Intel on Tuesday demonstrated the technology on which mobile WiMax will be based and said it will deliver a PC Card using the system in the second half of this year.
Mobile WiMax is a wide-area network technology that offers1Mbps (bit per second) of wide area bandwidth to mobile devices. It will be based on IEEE 802.16e, a specification approved late last year, and products will be certified by the WiMax Forum industry group. Intel and other vendors have come under criticism over the past few years for over-hyping WiMax. Intel has forecast that WiMax will spread like WiFi wireless LANs have, thanks to standardised high-volume manufacturing.
Sean Maloney, Intel executive vice president and general manager of its mobility group, demonstrated the technology during a keynote address at Intel Developer Forum in San Francisco. In the demonstration, Maloney used an 802.16e PC Card in a notebook that was attached to an electric scooter and was based on Intel's Napa platform. The system delivered about 2Mbps of throughput and supported a live video blog from a camera on the scooter, as well as presenting driving directions and a real-time weather forecast from the web.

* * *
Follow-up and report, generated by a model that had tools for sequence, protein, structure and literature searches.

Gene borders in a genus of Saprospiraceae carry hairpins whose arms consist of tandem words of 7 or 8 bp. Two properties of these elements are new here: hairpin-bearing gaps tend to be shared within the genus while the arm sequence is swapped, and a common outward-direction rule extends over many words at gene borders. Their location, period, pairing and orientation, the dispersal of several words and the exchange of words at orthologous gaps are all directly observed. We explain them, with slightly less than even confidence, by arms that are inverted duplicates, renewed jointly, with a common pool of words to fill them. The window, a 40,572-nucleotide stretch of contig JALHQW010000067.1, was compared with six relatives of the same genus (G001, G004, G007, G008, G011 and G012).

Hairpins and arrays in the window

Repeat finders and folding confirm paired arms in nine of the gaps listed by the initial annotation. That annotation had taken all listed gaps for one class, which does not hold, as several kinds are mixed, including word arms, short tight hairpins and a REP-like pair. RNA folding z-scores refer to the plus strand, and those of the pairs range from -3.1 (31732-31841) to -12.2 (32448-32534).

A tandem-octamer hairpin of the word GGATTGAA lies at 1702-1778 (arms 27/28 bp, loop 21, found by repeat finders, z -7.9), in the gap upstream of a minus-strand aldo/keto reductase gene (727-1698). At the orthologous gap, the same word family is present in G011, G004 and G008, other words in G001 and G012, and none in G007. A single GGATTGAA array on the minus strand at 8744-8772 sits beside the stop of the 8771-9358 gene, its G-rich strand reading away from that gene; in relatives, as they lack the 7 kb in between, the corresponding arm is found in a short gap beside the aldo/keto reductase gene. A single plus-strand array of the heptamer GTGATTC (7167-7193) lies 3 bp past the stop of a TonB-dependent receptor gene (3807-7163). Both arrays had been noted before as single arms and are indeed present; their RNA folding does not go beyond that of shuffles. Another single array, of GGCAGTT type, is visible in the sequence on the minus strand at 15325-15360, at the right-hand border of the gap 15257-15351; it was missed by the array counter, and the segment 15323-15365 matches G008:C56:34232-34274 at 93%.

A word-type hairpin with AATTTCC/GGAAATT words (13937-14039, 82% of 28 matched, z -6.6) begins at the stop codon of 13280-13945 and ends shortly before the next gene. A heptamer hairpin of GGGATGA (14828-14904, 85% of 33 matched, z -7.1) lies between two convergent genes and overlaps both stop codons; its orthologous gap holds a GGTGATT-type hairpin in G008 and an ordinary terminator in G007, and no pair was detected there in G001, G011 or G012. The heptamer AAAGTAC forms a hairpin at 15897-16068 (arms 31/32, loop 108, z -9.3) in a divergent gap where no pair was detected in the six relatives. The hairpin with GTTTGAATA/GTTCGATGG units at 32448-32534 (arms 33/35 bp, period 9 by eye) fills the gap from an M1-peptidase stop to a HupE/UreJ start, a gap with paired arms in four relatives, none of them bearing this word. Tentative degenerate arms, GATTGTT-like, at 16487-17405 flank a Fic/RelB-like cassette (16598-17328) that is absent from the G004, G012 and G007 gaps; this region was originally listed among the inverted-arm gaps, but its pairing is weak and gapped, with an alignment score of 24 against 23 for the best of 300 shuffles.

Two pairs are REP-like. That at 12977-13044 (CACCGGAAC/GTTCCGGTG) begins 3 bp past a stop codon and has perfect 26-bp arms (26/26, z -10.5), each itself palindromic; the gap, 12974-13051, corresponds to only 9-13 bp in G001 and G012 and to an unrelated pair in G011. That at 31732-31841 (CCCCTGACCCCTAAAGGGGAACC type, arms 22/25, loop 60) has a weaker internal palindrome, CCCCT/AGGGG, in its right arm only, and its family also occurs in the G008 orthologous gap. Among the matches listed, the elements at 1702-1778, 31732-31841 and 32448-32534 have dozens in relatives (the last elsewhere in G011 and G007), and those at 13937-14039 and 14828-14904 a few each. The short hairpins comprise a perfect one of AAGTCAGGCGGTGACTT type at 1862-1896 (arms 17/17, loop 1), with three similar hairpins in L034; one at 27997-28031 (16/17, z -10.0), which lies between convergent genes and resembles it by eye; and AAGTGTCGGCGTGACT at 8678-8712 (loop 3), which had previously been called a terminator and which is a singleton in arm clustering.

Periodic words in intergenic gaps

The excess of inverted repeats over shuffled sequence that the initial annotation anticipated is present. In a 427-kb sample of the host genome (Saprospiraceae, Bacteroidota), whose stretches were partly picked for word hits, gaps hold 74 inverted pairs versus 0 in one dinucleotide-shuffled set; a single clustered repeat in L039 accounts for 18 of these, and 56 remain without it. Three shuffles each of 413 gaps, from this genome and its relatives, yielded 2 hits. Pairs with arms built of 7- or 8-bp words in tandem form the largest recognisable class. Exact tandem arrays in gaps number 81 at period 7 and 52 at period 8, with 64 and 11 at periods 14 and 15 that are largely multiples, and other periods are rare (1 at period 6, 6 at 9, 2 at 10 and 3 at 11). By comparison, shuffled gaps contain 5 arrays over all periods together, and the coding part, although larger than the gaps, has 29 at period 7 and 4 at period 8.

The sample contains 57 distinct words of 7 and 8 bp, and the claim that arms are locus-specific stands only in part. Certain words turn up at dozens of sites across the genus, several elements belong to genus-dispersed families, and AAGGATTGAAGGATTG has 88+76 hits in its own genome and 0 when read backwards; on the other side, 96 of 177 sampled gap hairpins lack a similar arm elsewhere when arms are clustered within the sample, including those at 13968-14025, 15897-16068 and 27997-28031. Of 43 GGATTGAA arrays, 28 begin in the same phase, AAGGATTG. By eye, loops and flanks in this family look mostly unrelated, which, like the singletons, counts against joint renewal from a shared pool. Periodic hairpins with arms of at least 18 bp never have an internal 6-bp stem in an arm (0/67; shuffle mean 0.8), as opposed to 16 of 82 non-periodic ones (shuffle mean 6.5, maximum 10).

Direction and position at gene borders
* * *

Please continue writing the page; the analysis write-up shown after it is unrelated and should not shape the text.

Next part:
WiMax can be used in any of a broad range of frequency bands, and different bands are expected to be used in different regions, in most cases by carriers who have licensed the spectrum. The PC Card coming this year will use the 2.3GHz-to-2.5GHz band, which Maloney said is being examined for WiMax in Asia.
Maloney also showed off a prototype chipset for both WiMax and WiFi, capable of shifting among frequencies in the 2.3GHz to 2.5GHz band, the 3.5GHz band and the entire 5GHz band, he said. Those ranges encompass the 2.4GHz and 5.8GHz bands that are used for 802.11a/b/g Wi-Fi wireless LANs, as well as the upcoming high-speed 802.11n Wi-Fi specification, he said.
Within about three years, Intel expects WiFi and WiMax to merge onto one chipset, Maloney said. The chipset shown on Tuesday is the first step toward that, Maloney said.
The first generation of WiMax products, designed for use in one place, hit the market in certified form in late January after some missed targets in standards approval and testing. Maloney said there have been "significant" increases in volume and declines in prices on those products already.